I'll tell you flat out that I am a happy Creative Cloud customer and I felt $30 per month was a good rate, especially since I use about a third of the entire offerings that are listed in the Adobe Application Manager. I have disabled the auto-renewal of another year of subscription, but not because I am particularly unhappy. Only that I understand the issue and think I need to do my part to make sure management's apparent distaste for their customer base is properly rewarded.

If things turn into sunshine and flowers, I can always start my subscription back up. Otherwise, if gets worse, I'd need to be looking for alternatives anyway.


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Charlie Austin
Re: new blog post about response to feedback regarding Creative Cloud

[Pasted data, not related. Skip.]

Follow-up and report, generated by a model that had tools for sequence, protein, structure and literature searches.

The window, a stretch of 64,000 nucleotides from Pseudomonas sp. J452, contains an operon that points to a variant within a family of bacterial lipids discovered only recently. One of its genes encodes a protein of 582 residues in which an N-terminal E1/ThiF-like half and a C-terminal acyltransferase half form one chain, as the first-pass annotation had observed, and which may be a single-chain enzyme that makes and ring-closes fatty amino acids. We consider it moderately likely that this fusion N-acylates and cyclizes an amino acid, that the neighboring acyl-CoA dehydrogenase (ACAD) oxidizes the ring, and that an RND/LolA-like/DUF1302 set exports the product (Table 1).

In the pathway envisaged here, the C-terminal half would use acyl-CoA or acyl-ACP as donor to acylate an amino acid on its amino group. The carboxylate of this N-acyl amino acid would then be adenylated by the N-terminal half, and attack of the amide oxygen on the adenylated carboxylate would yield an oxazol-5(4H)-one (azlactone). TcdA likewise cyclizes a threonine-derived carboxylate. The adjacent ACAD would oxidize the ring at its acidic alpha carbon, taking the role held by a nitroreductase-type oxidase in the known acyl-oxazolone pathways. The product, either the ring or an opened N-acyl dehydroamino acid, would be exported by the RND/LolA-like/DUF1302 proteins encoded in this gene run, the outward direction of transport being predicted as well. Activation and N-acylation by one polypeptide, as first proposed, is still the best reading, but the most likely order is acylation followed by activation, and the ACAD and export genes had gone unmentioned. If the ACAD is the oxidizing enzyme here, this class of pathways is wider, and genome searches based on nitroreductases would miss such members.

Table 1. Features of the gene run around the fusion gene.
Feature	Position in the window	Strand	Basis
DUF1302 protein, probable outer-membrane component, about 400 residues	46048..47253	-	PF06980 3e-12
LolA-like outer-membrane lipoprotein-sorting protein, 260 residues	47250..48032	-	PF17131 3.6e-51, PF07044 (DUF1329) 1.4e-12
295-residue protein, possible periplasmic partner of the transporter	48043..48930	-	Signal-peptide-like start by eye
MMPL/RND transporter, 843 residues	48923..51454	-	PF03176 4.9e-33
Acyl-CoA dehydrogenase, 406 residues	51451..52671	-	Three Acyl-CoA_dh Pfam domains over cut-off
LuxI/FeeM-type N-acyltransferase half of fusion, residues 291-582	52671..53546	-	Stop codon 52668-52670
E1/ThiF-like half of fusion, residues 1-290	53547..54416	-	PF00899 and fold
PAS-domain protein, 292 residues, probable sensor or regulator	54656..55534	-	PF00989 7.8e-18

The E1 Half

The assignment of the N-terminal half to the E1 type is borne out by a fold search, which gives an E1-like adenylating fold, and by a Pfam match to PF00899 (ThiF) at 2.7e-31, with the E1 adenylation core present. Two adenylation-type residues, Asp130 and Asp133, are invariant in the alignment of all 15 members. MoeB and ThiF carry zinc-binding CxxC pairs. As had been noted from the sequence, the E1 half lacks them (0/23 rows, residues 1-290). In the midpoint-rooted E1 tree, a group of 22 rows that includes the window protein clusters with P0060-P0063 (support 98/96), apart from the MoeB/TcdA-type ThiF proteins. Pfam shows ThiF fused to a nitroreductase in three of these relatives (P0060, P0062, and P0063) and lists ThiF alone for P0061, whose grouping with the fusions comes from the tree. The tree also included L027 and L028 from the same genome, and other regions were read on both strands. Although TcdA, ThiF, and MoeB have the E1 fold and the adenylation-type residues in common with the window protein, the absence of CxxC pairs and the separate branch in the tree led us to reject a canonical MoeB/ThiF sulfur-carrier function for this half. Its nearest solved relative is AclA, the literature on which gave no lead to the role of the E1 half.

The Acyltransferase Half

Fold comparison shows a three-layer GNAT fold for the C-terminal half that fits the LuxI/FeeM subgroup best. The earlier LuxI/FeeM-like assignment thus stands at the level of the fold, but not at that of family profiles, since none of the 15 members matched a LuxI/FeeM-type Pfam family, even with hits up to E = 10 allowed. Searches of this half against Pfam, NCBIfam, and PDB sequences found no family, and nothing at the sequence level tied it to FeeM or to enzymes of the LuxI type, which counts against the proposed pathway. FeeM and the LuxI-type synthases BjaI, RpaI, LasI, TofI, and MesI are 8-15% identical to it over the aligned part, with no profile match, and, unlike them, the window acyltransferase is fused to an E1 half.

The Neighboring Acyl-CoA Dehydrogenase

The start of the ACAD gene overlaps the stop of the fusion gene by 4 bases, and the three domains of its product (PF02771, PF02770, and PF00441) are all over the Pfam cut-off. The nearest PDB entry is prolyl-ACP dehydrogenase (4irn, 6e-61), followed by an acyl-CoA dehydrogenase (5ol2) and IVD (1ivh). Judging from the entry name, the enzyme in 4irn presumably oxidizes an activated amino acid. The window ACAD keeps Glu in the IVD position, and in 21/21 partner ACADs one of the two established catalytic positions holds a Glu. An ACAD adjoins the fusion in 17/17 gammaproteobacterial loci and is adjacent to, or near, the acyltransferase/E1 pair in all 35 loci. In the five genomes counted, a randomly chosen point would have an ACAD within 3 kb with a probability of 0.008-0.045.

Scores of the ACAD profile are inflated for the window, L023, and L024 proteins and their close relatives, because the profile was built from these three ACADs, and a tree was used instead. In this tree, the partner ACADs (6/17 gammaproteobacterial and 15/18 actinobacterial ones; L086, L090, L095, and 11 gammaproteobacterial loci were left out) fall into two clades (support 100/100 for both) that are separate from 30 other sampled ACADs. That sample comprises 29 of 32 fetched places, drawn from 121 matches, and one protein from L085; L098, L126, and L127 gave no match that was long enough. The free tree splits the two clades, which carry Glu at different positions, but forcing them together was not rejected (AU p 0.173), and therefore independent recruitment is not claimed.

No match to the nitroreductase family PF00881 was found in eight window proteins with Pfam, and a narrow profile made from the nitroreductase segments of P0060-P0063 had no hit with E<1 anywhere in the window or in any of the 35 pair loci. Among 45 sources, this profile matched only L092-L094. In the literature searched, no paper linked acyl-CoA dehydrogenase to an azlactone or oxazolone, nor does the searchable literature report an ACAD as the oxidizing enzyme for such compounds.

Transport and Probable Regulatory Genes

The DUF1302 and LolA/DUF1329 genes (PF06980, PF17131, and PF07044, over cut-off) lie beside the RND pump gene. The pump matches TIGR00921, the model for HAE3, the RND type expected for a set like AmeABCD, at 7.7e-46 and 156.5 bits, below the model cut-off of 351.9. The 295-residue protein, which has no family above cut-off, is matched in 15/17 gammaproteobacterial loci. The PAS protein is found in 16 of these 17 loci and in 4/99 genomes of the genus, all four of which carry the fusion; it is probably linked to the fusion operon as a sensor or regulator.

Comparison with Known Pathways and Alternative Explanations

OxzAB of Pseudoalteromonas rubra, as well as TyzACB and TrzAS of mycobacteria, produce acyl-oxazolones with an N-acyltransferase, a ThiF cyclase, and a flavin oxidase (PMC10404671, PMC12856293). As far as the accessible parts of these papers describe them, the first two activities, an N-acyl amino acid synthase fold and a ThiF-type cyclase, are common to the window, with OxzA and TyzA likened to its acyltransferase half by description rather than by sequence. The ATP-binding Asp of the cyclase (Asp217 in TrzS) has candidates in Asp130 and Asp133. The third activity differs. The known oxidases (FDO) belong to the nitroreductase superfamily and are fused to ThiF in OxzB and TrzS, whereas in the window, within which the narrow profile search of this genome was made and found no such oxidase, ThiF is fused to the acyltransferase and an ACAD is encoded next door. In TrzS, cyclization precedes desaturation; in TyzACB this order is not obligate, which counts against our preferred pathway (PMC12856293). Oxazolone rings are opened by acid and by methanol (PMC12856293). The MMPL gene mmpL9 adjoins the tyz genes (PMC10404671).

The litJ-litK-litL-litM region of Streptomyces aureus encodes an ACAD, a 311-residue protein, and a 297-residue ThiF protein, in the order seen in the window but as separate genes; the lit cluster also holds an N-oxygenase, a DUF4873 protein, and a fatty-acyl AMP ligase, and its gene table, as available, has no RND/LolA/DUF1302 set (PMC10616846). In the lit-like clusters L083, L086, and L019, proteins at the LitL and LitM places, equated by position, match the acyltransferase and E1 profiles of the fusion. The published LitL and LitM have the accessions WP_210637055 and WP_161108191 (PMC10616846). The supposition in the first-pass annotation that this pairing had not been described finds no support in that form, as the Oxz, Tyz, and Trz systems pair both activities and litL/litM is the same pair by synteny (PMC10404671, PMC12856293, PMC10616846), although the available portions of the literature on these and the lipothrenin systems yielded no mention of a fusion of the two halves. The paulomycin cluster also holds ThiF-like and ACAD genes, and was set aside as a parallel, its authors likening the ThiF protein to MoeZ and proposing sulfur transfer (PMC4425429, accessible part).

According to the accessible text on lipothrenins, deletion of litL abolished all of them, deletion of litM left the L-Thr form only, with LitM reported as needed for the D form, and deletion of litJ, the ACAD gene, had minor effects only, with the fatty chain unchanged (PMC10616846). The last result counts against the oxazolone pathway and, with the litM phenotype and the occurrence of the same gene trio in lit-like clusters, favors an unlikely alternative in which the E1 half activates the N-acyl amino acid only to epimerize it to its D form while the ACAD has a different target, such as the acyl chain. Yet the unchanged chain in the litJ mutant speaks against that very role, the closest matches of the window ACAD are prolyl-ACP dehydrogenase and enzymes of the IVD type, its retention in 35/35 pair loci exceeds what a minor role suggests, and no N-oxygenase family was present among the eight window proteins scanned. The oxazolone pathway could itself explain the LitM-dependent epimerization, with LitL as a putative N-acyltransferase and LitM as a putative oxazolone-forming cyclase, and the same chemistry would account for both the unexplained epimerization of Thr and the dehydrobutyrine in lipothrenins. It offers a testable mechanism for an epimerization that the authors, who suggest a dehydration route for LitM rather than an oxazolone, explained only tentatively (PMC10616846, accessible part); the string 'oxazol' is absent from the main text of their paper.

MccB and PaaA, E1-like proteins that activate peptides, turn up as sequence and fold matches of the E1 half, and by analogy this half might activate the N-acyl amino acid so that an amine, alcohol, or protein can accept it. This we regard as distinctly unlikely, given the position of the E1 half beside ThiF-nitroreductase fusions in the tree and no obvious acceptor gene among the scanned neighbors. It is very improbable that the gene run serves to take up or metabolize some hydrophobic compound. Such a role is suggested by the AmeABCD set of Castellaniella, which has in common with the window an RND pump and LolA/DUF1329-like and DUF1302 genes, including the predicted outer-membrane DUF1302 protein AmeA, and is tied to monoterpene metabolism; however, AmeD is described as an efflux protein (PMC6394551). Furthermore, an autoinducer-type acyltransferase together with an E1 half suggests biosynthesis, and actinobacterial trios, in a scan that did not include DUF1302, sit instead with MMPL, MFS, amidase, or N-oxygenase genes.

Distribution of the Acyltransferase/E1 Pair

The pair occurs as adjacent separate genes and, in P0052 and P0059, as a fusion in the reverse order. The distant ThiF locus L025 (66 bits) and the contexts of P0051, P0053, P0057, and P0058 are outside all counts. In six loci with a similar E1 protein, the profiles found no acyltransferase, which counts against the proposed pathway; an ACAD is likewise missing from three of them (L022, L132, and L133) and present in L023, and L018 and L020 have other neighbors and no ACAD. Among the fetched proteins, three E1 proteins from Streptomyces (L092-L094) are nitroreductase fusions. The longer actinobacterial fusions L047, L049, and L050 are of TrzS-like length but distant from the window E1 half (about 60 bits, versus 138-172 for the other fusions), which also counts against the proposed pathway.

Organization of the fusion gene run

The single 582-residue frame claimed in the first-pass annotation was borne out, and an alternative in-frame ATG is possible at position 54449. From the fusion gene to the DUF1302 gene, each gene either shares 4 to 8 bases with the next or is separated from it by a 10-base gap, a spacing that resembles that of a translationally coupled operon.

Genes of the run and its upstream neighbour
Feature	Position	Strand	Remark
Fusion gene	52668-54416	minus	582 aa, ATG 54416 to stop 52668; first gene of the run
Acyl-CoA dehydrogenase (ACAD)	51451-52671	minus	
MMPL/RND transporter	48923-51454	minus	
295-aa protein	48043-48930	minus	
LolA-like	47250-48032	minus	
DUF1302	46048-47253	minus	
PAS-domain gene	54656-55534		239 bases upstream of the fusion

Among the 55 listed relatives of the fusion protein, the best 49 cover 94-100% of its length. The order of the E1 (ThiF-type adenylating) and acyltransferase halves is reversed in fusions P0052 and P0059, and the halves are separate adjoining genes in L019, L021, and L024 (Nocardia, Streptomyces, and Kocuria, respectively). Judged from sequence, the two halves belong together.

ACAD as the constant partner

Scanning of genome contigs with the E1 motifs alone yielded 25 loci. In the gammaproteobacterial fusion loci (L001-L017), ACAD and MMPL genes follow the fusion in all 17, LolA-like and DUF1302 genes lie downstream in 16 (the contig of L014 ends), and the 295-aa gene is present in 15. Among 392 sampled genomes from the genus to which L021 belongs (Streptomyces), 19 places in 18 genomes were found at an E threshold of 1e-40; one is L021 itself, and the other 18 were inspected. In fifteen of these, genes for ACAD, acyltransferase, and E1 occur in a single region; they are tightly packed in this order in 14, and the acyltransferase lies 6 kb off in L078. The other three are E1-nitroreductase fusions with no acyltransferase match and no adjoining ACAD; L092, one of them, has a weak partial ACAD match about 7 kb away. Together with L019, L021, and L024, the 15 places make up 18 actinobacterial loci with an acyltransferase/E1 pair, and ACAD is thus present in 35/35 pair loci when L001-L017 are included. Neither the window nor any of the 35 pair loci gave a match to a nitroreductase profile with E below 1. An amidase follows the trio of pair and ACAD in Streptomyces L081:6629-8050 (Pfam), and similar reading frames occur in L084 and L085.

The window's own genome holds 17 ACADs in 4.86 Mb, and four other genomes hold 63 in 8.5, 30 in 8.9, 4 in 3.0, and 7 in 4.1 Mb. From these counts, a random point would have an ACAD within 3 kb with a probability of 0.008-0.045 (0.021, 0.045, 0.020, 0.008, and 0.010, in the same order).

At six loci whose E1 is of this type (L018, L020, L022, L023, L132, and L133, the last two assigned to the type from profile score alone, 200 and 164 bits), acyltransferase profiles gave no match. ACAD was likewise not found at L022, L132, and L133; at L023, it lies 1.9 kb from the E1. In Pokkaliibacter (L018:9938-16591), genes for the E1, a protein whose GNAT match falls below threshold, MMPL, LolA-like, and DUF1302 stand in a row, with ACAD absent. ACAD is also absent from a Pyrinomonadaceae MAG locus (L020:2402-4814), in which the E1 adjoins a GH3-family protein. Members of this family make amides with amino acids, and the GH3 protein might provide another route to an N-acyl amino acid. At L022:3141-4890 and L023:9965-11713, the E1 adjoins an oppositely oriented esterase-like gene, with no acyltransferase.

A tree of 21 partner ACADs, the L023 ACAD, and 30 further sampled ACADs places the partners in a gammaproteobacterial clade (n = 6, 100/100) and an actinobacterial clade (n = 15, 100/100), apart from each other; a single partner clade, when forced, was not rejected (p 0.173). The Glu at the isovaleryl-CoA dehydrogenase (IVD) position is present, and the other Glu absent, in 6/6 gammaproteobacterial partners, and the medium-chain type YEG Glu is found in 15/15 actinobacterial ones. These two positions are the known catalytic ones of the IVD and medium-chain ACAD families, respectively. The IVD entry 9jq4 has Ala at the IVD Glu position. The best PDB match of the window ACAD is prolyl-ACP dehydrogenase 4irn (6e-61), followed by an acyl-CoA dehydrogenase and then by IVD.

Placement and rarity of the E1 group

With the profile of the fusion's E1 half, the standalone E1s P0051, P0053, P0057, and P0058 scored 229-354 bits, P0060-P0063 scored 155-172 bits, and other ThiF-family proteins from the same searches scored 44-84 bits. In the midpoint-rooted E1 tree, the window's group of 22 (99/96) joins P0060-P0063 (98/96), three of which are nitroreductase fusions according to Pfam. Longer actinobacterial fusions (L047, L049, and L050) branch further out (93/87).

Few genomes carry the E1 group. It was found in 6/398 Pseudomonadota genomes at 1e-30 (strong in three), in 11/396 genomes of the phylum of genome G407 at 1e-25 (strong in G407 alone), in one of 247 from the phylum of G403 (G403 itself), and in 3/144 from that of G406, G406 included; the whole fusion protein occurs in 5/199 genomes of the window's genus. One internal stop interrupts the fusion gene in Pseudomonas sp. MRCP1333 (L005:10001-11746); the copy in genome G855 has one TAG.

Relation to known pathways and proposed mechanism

on May 29, 2013 at 6:39:45 pm

We will continue to offer new innovation in apps and services on an ongoing basis, which is one of the top reasons members tell us they are subscribing. We were thrilled with customer adoption leading up to the announcement on May 6th, with over 80% of people purchasing on Adobe.com selecting Creative Cloud. That momentum continues today.

There's your statistics. I subscribe to CC, as do others here at work. Having a way to access projects if I stopped paying is important. That's it though. Despite all the petitions and Sturm und Drang, in the grand scheme of things it's probably coming from a relatively small number of users. Oh well....

-------------------------------------------------------------


~"It is a poor craftsman who blames his tools."~
~"The function you just attempted is not yet implemented"~


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Aindreas Gallagher
Re: new blog post about response to feedback regarding Creative Cloud
on May 29, 2013 at 8:43:03 pm

come on Charlie - have you, as they say, checked the internet lately?

this is an awful lot more than a few guys. Apart from anything else, around twenty seven thousand people have signed the petition.

Have you read the comments people put on there? It might as well be the UN.